How many times have you heard someone, or even yourself, say, “I’ll start from tomorrow” or “I’ll start from Monday” or “I’ll start from next month” when there’s some new habit to form or a new project to work on? What is behind this common human tendency?
I’m not talking here about procrastination which is a general term implying a delay of action but I’m talking about delaying action and then promising yourself that you’ll do it at some perfect time in the near future. So, procrastination is only a part of this phenomenon.
Behind every human action or decision or promise, there is some kind of a reward. So what are the payoffs that we get by delaying important actions and promising ourselves that we’ll do them at an ideal time in the future?
The illusion of perfect beginnings
In nature, we see perfect beginnings and endings everywhere. Everything seems to have a start and an end. Living beings are born, grow old and then die in that very order every time. Many natural processes are cyclic.
Each point of time on a cycle can be considered a beginning or an end. Sun rises, sets and then rises again. Trees shed their leaves in winter, blossom in summer and then go naked again in the winter. You get the idea.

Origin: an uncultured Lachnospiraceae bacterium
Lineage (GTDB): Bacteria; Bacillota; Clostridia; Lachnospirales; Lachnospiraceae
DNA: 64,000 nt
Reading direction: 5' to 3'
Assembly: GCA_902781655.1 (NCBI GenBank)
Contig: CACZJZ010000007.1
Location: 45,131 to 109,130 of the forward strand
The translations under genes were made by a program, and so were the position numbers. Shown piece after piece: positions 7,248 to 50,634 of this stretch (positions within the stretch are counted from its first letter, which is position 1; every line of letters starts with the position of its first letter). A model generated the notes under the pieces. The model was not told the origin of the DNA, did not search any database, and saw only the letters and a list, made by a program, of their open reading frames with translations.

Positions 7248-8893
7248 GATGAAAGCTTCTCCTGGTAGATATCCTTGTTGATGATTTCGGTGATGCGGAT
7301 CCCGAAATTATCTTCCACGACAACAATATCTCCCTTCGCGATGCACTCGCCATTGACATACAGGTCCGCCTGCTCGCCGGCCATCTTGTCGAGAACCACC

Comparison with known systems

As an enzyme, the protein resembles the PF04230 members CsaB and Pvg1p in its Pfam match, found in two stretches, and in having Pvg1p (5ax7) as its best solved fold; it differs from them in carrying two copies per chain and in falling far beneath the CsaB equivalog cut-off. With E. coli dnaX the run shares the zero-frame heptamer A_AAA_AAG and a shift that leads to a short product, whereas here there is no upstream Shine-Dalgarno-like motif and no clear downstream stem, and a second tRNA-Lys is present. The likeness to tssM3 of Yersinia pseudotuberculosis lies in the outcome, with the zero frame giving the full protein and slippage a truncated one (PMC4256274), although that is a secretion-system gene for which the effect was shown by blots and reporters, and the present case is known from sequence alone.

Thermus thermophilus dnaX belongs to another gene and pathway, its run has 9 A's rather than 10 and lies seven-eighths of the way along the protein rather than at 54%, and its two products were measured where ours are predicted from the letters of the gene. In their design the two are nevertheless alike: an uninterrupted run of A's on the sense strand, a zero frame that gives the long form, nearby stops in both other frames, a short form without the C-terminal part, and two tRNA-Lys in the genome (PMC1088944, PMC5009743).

This perfect pattern of almost all the natural processes has led us to believe, at a very deep level, that if we begin something perfectly, it will run its course perfectly and will also end perfectly. It does seem to happen in natural processes but when it comes to human activities, nothing can be further from the truth.
A perfect human being who does everything perfectly can only be a fictional character. Yet, this fact does not deter most of us from believing that if we start something at a perfect time, we’ll be able to do it perfectly.
This is, I believe, the main reason why people make New Year’s resolutions and think that if they start their habits from the 1st of the next month, things are more likely to pan out perfectly. Gym memberships are usually much higher in January than they are in December.
Even right now if you decide to do something, let’s say read a book, you’ll most likely choose a time that represents a perfect beginning, e.g. 8:00 or 10:00. or 3:30. It’ll rarely be something like 8:35 or 10:45 or 2:20.
These timings just seem odd, not suited to begin great endeavours. Great endeavours need perfect beginnings and perfect beginnings must lead to perfect endings.
This is the first, though subtle, payoff that we get by delaying our work and deciding to do it at some perfect time in the near future. The second payoff is not only subtler but also more insidious, a classic example of human self-deception that can keep us mired in our bad habits.
‘You have my permission’
To throw light on this covert and insidious payoff, I’ll need to first explain what really goes on in your mind when you delay actions and promise yourself to do them in the future. It has a lot to do, like almost all other human behaviors, with psychological stability.